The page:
What is a NATURAL or GREEN burial?

The Natural Burial Association of Canada defines a natural burial as “is the act of returning a body as naturally as possible to the earth”. In order for a burial to be a natural or green burial, the body would not be embalmed, and would be in a biodegradable container. A rigid burial container would be made of plain, unvarnished wood, or bamboo or wicker, with no glue or metal used in the construction. If lined, it would be lined with natural fabric like cotton or linen. The body can also be wrapped in a shroud made of natural fibres – cotton, linen, hemp or silk. Cardboard burial containers are also available through many funeral homes and cremation services.*

Links to the natural burial grounds are included on the Resource Page.

Natural or green burial is legal in all provinces in Canada. It is not a legal requirement for a dead body to be embalmed. There 3 natural burial grounds in Ontario – Union Cemetery in Cobourg, Meadowvale Cemetery in Mississauga, and Duffin Meadows Cemetery in Pickering. All three of these natural burial grounds require that the body not be embalmed, and be in a natural, biodegradable container, including a shroud, however at both Meadowvale and Duffin Meadows, a shrouded body needs to be placed on a rigid board – a simple piece of plywood would suffice.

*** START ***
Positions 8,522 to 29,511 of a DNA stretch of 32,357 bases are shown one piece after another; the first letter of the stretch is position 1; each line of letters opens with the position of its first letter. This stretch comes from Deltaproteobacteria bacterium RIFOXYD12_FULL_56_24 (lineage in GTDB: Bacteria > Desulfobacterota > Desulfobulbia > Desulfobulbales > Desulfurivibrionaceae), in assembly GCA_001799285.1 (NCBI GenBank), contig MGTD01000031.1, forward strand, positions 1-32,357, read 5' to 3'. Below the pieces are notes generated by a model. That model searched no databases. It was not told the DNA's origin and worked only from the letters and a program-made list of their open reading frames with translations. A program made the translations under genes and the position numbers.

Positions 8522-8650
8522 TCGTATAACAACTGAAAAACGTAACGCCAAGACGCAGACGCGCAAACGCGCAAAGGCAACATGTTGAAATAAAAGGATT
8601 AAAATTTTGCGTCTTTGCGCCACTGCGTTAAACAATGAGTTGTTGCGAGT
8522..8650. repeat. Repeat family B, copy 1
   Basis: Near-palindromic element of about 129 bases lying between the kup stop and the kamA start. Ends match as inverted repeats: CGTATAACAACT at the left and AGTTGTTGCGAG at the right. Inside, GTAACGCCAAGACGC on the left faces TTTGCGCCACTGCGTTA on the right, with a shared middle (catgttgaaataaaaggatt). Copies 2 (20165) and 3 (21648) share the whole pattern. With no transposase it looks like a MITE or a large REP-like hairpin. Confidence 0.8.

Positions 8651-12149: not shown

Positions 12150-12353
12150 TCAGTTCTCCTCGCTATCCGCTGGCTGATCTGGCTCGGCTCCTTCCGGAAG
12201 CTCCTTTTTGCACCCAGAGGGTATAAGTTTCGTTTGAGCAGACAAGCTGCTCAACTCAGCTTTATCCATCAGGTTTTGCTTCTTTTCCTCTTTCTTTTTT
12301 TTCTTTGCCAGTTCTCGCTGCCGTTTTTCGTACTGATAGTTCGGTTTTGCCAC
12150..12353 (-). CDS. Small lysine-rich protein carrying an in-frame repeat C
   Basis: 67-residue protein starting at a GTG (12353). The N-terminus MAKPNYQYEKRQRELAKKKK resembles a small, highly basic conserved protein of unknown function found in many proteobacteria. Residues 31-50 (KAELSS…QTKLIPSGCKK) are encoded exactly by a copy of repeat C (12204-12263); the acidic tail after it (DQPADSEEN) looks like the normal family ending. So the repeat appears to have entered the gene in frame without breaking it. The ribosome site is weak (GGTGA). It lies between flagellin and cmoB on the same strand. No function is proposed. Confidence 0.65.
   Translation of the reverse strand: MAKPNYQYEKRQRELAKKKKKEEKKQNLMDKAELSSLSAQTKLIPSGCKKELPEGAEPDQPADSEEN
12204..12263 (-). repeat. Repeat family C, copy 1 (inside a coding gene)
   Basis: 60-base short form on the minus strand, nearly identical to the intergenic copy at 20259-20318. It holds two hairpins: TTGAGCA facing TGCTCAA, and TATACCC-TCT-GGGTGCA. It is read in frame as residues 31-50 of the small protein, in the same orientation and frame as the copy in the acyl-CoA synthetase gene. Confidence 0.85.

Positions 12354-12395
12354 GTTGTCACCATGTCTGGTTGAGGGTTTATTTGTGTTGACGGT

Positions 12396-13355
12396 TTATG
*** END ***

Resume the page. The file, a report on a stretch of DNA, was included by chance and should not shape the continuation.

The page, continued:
*It should be noted that some containers – wicker or cardboard – would not be suitable for persons of above average weight. When researching green burial containers, it is important to ask if there are weight constrictions.*